We explore the most pressing issues faced by L&D professionals in their quest to help their companies be skill-ready
For the past three years, disruption was the only constant in a company’s life, tech or otherwise.
First, there was the pandemic, with its surge of remote workers and supply chain disruption, where tech companies were perfectly positioned to turn the crisis into an opportunity.
Then we saw geopolitics and war take center stage, and another wave of uncertainty hit businesses, only this time, the situation also disrupted the tech sector.
From all-time highs in the final days of 2021, tech stocks have plummeted to all-time lows in November 2022, seeing their value decrease by over 90% in some notable cases.
Lay-offs and hiring freezes in tech have begun to pop in the news feed with higher frequency, with Twitter, Lyft, Meta, and other household names jumping on the bandwagon.
From stock market darlings, tech companies have lit the fire under recession talks.
To make matters even more complicated, tech workers are already prone to be diagnosed with mental health conditions like anxiety & depression.
The current context will most likely impact them even further. The year 2023 is anticipated to be one of the most challenging years for the L&D leader working in tech.
Not only will you need to continue to upgrade your company’s skill bank, but you will have to do so while under tremendous pressure.
For example, cutting costs and dealing with a fluctuating and demotivated workforce that mostly you can’t reach because they work remotely.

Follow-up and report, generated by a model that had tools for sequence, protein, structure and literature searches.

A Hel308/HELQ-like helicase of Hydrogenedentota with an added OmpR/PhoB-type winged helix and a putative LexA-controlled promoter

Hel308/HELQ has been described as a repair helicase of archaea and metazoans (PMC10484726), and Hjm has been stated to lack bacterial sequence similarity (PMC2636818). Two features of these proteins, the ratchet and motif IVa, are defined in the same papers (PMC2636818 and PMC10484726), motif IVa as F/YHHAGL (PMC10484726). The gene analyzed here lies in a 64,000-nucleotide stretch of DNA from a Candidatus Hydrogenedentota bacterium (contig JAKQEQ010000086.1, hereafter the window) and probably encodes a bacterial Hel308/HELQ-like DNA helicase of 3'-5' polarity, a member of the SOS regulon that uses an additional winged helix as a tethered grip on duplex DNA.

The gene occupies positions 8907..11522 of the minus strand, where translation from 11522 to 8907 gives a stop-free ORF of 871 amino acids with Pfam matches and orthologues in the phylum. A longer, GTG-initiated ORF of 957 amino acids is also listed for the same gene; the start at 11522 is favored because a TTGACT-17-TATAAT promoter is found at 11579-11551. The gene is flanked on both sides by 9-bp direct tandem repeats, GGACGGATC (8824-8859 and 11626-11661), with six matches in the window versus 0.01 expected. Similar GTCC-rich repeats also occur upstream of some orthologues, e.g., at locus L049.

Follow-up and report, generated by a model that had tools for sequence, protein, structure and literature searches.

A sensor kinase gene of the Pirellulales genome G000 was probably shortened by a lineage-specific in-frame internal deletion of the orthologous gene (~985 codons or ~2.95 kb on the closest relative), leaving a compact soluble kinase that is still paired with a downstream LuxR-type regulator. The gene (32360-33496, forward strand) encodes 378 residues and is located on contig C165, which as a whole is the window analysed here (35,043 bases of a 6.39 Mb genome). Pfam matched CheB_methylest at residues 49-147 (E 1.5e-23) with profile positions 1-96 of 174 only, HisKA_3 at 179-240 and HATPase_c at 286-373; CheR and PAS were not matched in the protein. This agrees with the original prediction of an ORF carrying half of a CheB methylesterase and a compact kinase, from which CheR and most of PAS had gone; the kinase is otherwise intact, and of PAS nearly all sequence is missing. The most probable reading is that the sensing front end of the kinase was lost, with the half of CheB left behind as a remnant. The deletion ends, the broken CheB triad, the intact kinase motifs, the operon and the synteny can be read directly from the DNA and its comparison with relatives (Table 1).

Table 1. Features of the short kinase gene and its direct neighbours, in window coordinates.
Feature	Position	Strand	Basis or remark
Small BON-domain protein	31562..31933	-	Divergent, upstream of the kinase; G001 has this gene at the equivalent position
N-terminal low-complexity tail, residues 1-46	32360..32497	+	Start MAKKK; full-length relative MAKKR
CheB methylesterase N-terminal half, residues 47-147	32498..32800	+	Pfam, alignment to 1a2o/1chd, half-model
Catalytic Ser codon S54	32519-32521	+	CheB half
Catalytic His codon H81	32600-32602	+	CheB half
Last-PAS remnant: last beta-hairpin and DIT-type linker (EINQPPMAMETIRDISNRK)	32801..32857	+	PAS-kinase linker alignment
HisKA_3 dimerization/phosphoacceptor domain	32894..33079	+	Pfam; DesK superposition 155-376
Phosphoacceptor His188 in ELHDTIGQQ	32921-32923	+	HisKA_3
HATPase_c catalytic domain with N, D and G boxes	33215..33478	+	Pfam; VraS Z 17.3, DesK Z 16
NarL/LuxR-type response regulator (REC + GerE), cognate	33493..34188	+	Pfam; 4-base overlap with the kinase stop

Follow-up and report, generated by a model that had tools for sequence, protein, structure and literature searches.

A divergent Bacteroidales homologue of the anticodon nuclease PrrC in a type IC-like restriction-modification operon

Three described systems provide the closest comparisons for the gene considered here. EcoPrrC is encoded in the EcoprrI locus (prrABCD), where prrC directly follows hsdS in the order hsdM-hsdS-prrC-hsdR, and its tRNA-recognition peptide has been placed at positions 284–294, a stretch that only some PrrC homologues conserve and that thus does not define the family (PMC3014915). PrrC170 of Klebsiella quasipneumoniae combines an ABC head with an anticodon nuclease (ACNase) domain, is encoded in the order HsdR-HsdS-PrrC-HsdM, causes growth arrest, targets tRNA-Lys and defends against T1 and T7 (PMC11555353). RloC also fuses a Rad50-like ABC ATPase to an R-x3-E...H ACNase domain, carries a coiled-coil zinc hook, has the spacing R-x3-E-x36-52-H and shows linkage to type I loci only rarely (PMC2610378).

For this white paper, we’ve talked to industry leaders and gone through mountains of data to determine the pressure points most likely to impact the L&D strategy and the ability to deploy it successfully across the entire organization.
These problems are not trivial and easy to solve; their solutions are not tools but entirely different ways of thinking and acting together with better tools.
Working differently with the wrong tools will get us nowhere, and working the same way with better tools might push us a little forward.
History teaches that there are opportunities in every crisis and that hard times don’t last forever.And while nobody wishes for more difficulties in life, the Franklin Delano Roosevelt quote is worth remembering: “A smooth sea never made a skilled sailor.”
So the only question is: will we steer the boat or let the sea guide us?
Robert Blaga, November 2022